Latest virtual reality technology revives Sydney's past

SYDNEY, Aug. 10 (Xinhua) -- The latest and greatest virtual reality technology in Australia was on display at Western Sydney University on Friday, as a part of National Science Week.

Among the projects featured at the event, was a historical look at Sydney Harbour's Rocks area.

Now centred right next to the iconic Sydney Harbour Bridge, the picturesque location was not always so glamorous.

"The Rocks is the earliest post-contact, settled part of Sydney and around 1900, they were going to level the whole thing, it was a terrible slum, it was very rundown," creator of "The Rocks VR" Kate Richards explained to Xinhua.

"So the government architect was sent out to photograph the Rocks and a bunch of painters and visual artists were also sent out to the Rocks to capture it before it was all torn down."

While the demolition did not eventuate, the historic photographs and paintings of the area were digitally stitched together by Richards to create an immersive gateway to the Sydney's past.

Just a few years ago, it was nearly impossible for researchers and the public to utilize such sophisticated technology. However, Associate Professor of digital humanities at Western Sydney University Rachel Hendery said creating virtual reality is now much more affordable.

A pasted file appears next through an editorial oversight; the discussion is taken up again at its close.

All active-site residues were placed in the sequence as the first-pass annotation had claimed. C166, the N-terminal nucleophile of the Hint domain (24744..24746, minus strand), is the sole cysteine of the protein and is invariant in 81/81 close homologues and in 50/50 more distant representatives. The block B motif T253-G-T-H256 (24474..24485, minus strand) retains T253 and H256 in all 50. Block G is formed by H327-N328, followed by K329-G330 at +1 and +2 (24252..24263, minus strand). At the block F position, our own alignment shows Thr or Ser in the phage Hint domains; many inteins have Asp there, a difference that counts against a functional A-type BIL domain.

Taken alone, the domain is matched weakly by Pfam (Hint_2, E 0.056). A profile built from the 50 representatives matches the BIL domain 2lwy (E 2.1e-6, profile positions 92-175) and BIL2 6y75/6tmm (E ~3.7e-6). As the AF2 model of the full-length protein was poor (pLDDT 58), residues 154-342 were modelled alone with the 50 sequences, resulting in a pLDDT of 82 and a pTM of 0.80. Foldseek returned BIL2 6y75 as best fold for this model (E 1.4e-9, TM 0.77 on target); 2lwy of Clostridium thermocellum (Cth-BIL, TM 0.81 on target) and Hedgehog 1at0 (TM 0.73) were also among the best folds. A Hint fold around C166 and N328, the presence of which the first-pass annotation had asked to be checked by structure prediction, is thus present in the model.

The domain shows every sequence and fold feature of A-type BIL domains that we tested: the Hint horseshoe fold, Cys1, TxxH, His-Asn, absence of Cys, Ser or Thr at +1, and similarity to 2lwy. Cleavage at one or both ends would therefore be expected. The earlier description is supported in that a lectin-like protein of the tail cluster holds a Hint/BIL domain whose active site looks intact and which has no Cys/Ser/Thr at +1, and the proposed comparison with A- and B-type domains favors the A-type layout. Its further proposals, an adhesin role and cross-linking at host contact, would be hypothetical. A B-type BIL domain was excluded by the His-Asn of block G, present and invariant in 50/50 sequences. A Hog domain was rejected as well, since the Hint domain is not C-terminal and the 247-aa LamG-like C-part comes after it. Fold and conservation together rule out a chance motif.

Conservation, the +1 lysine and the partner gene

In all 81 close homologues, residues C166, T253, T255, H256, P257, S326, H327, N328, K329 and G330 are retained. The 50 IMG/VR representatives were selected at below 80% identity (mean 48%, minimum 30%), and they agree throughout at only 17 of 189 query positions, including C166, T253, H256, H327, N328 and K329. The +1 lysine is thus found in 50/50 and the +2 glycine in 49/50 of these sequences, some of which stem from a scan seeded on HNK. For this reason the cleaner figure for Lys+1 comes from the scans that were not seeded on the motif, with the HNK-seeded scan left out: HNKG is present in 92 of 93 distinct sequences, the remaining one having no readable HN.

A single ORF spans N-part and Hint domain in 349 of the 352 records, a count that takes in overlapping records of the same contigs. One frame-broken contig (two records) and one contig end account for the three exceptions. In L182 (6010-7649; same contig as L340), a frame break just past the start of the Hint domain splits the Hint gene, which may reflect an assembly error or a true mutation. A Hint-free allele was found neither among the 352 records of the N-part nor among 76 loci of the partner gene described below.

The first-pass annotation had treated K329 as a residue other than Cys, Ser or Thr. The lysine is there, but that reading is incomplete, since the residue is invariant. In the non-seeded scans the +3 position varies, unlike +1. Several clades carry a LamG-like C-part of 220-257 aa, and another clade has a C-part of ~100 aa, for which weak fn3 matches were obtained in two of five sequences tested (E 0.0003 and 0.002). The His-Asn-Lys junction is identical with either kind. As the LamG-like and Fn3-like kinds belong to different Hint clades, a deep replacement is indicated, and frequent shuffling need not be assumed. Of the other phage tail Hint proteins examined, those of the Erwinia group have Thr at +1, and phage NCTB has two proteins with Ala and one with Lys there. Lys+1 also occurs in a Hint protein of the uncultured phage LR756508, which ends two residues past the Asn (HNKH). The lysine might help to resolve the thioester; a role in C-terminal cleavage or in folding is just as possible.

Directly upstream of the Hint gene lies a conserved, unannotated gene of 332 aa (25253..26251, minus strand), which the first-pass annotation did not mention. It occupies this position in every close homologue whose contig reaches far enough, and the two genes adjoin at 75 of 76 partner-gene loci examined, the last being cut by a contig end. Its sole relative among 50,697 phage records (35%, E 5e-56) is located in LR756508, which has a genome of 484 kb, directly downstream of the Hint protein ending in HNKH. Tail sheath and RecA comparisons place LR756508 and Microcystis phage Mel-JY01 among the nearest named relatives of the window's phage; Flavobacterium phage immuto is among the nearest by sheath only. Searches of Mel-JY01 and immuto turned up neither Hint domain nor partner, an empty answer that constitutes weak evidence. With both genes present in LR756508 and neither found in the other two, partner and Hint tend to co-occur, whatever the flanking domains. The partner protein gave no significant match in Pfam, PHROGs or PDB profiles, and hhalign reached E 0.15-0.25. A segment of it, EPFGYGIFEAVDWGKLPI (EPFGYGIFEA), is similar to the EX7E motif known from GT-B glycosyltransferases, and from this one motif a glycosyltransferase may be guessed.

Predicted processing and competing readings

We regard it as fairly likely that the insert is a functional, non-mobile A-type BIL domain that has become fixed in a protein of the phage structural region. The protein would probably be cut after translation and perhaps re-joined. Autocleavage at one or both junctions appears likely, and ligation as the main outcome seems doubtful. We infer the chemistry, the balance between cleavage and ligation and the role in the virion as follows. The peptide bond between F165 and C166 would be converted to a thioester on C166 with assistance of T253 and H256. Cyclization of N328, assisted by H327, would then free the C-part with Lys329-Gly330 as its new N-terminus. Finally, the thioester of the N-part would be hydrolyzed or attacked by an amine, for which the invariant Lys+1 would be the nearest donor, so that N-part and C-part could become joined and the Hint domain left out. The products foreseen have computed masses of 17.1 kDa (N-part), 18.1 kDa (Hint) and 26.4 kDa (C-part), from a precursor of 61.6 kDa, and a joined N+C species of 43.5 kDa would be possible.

"Because so much more of a community has developed, it has really taken off," she said.

"I think the potential is that you can actually bring people into your research data and to me that is really exciting."

"Imagine if you can bring your friends, your colleagues, your students into a space and you can immersively experience the data that you are trying to describe to them."

Hendery was able to use this concept to design a piece with co-creator Andrew Burrell.

"I was working with archival data relating to endangered languages of the Pacific and Australia region and all of this is in an archive called Paradisiac, which is great but the user interface isn't exactly user-friendly and the general public is never going to experience that," Hendery said.

"So we wanted to bring that out of the archive and into your face."

"It gave a sense of what it is like when you are walking through the Pacific, you are seeing the landscape modelled around you, you're hearing the languages around you."

[ Editor: WPY ]


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